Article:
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Excerpt from Think Twice Before Crossing

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“A Marked Palm” in Think Twice Before Crossing: A Memoir

Of all the questions to ask someone, you would think that “Why aren’t you dead?” wouldn’t be at the top of the list. However, I’ve been confronted with this very question on more than one occasion. And it’s not because some people hate me and want me dead, but rather, it seems, I really should be dead. It’s puzzling, but I have been told by three palm readers on three separate occasions that my life, as I know it, is over. My time has run out. That I should not be alive and yet I’m still breathing. That’s what they tell me. But how do I respond to such comments?             

And from palm readers!   

I don’t usually believe in those people who see into the future and tell you what the lines on your hands mean. And I wasn’t about to start listening to their musings. Well, at least, not when the first one spoke of impending death. But after the second and the third repeated similar messages, I had to start wondering. I didn’t solicit their opinions. Oh, no. They sought me out. Starting in my mid-twenties their paths each crossed mine, all independent of one another.           

Whenever I hear anyone mention an affinity for palm reading, I look for the nearest exit. But no matter what I do to avoid their glare, they somehow pick me out of a crowd. Once singled-out, there is no hope for escape. It is like that feeling of being in a group of people and there’s that one person who wants to talk to you to the point of harassment. No one wants to stand next to this person, but someone ultimately has to. I seem to be that one. I’m the one the weirdo always seems to find.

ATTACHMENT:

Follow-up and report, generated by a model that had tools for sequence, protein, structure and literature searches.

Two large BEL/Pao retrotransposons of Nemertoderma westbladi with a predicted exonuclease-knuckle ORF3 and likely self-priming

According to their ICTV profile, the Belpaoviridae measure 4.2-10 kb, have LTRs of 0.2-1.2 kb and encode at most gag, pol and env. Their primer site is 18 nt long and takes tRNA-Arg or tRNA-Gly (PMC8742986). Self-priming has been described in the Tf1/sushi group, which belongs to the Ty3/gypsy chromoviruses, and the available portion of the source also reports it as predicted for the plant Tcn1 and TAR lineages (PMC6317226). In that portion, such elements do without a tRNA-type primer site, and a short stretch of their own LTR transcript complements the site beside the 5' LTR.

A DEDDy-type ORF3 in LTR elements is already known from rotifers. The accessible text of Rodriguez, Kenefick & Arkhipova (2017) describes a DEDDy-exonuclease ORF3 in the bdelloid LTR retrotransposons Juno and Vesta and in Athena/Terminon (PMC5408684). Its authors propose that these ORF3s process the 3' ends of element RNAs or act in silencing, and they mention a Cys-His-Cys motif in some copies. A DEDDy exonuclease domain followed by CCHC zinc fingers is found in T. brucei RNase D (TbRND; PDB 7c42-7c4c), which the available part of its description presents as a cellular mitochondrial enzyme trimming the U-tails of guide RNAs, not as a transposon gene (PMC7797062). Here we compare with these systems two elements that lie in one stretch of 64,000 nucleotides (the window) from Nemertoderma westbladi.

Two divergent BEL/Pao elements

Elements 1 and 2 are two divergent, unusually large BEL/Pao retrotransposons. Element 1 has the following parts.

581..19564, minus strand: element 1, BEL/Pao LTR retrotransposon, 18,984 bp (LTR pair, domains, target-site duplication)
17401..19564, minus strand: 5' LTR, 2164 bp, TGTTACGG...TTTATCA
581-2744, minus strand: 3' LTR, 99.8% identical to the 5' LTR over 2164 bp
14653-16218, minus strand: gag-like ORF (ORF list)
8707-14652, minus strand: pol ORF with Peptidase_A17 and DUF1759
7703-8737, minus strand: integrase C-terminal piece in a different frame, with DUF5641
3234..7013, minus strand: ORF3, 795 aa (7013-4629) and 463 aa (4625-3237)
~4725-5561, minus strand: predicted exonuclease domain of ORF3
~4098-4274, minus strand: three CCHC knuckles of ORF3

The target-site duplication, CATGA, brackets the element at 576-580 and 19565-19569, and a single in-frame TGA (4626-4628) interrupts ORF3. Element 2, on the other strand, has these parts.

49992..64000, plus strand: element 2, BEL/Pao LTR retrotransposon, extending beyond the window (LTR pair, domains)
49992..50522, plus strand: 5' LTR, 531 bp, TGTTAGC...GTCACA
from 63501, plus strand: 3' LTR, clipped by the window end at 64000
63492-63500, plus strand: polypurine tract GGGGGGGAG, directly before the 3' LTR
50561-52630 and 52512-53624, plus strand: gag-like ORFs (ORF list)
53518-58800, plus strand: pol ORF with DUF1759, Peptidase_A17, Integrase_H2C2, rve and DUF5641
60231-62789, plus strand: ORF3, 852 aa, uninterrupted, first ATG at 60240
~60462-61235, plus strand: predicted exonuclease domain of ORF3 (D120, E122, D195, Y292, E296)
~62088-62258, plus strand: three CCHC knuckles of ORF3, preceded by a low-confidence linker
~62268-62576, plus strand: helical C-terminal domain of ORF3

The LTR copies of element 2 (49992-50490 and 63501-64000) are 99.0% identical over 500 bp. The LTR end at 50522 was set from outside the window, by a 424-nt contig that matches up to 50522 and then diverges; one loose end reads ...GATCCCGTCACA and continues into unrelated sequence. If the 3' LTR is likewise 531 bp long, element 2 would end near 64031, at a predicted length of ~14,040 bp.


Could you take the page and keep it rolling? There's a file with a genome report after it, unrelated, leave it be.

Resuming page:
The subject of death and strife is always the focus of the conversation with these palm readers, whom I’ve callously dubbed the mysterious three: Carmella Young, Reynaldo San Miguel, and Mrs. Irina Chenko. They, briefly, and unexpectedly, have passed through my life; each as different as could be. One was a middle-aged career woman from Minnesota; another, a suave, dashing male European socialite, while the third one was an elderly eccentric Russian matron. And although the mysterious three each met me only once, the impact of their words has been everlasting. Their revelations were like shockwaves through my life; too harsh to ever forget, and too intense and dramatic to ignore. What did they mean? Why were they so intent on telling me I should be dead? My goal was to figure it all out, once and for all.


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